After spending time at the Wilmington Railroad Museum (505 Nutt St), we were happy to have enjoyed another fun family-friendly thing to do in this coastal city. We also loved that you can learn more about Wilmington’s history here, as well as its importance in the grand scheme of North Carolina.
If you travel with a transportation-obsessed child (like we do), you’ve probably sought out and visited every plane, train, and automobile-themed kids’ museum in North Carolina. Don’t worry because we’re with you and want to share our experience, why we loved this place, and why it belongs on our NC Bucket List.
The Wilmington Railroad Museum
For quick info about the Wilmington Railroad Museum (including hours and location), please scroll to the bottom of this post.
Railroading History of Wilmington
Wilmington was once a hub of the railroad industry during the 1800s. While it’s often overshadowed by Wilmington’s “Port City” moniker, the railroad drove huge economic progress during the mid 19th century.
In 1840, the Wilmington & Weldon Railroad was the longest continuous rail line in the world, spanning 161 miles long. However, this rail line would merge with several others to become the Atlantic Coast Line Railroad (ACL), with Wilmington serving as its hub.
Wilmington’s economy heavily depended on the railroad through the 20th century, until 1960 when ACL moved its headquarters to Jacksonville, Florida. Over 1,000 employees moved with them, in one of the largest company moves in the country’s history.
Visiting the Wilmington Railroad Museum
The Wilmington Railroad Museum started in 1979 to preserve the industry’s 125-year history, by displaying artifacts of the city’s railroading past. It’s grown into a community mainstay, garnering attention along the way.
In 2011, the Wilmington Railroad Museum broke the Guinness World Record for the longest model train, which was put together at the Wilmington Convention Center. 1,563 model train cars chugged through the 30,000 square-foot building, with 31 locomotives powering them along!
Arrival and Tickets
When you pull up to the museum’s entrance at 505 Nutt St, it’s easy to see that you’ve arrived at the right place. You’ll be tempted to hop into the vintage locomotive, boxcar, and caboose outside, but you should grab tickets first.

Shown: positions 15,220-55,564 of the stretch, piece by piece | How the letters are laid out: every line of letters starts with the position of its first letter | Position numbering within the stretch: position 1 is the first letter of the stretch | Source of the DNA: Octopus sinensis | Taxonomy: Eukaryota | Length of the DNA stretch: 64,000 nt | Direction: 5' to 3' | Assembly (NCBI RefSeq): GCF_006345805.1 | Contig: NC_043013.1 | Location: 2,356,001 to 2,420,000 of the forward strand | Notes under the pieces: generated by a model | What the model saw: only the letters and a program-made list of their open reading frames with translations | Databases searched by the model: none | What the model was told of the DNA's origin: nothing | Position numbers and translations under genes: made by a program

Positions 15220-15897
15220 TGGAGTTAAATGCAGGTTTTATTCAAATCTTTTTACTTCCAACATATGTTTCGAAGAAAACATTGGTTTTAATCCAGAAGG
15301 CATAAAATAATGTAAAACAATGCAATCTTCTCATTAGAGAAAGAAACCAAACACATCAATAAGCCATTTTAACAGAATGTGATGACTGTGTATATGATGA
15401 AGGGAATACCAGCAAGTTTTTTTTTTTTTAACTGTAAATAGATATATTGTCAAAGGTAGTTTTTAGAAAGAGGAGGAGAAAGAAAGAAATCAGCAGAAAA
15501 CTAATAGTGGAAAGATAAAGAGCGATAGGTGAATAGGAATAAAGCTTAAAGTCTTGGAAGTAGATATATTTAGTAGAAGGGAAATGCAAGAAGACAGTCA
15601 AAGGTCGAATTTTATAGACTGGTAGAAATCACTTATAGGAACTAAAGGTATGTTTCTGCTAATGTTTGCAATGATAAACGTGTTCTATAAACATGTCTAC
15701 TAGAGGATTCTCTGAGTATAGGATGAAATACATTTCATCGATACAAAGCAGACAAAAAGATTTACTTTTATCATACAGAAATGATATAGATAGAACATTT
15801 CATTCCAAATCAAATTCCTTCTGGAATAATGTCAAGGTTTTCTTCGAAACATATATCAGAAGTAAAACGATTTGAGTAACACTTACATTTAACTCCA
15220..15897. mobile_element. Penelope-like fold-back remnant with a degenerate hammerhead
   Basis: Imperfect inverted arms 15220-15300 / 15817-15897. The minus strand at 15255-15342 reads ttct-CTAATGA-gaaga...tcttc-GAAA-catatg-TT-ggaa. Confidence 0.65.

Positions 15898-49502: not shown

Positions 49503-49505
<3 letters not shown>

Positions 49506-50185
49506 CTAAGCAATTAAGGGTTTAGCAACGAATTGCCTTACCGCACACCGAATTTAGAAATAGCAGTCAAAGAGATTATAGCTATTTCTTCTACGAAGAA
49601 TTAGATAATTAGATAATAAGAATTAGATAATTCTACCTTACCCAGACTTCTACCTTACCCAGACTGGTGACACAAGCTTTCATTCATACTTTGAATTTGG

To purchase your tickets, you’ll need to first walk inside the entrance, which is an authentic 1883 railroad freight warehouse. Here’s a breakdown of prices:
- Adults and Visitors 13 and Up: $9.50
- Seniors and Military: $8.50
- Children Ages 2 to 12: $5.50
The first exhibits and artifacts in the History Hall you’ll find detail the Wilmington and the Atlantic Coast Line. Encased in this area are railroad operation gear and supplies, fine China used in First Class, clothing, and even a replica of the station agents’ offices.
As you move through to the back of the building, you’ll quickly arrive in the Children’s Hall. This is a great area for kids from 2 to 5 years old who want to build, manipulate, and have some interactive play. There’s a train table set up with wooden trains and a Miniature Caboose for photos. In this section, a special story hour is held on the first and third Mondays of the month.
The highlight, or at least our child’s favorite part of the museum, is the model train room. But with more than 20 model trains, the young and even the young at heart are all in awe. The 1,5000 square foot hall even holds a recreation of the 1950s Atlantic Coast Line operations in Wilmington.
Watch the train cam on the television screen to see locomotive’s perspective as it journeys through the model towns. Platforms are available for the smaller train fans and there are plenty of buttons to push to make them go, go, go!
Wilmington Railroad Museum Events
We were happy to stop by on a normal busy weekend day, but know that we’ll be back for these events happening throughout the year at the Wilmington Railroad Museum.
Every first and third Monday at 10:30 am, the museum hosts a storytime. An additional $5 per family is required, but that covers the activity materials and snacks for the young ones!
And during the warmer months, children can hop on the Sunshine Train! Powered by a Thomas the Train locomotive, visitors can take a ride and wave to passersby. Occurring on the second Saturday of each month from 11:00 am to 1:00 pm, rides are $3 per person.
And didn’t you know trains are Santa’s preferred mode of transportation? During their Holiday Light Show and Polar Express, the Museum lights up with holiday cheer and over 25,000 lights.
Note: These are two separate events. Check here for more info.
Ready to Visit?
Before visiting the Wilmington Railroad Museum, we were already interested in stopping by. And now, we can’t wait to go back. It’s perfect for all ages, even though some of the exhibits are geared toward children.
So if you also have an inner train enthusiast, spend some time here and let your true colors show at this fun museum in Wilmington.
And in case you needed a quick breakdown, here’s that, too. Enjoy!
Wilmington Railroad Museum Quick Info
Address: 505 Nutt Street Wilmington, NC 28401
- June 1 to Sept 23: Open Monday to Saturday from 10:00 am to 5:00 pm, Sundays from 1:00 pm to 5:00 pm
- September 23 to May 31: Open Monday to Saturday from 10:00 am to 4:00 pm, Closed Sundays
- Adults (13 and Up): $9.50
- Seniors and Military: $8.50
- Children (Ages 2 to 12): $5.50
Special thanks to the Wilmington and Beaches Convention and Visitors Bureau for providing us with complimentary admission. All opinions within this article are our own.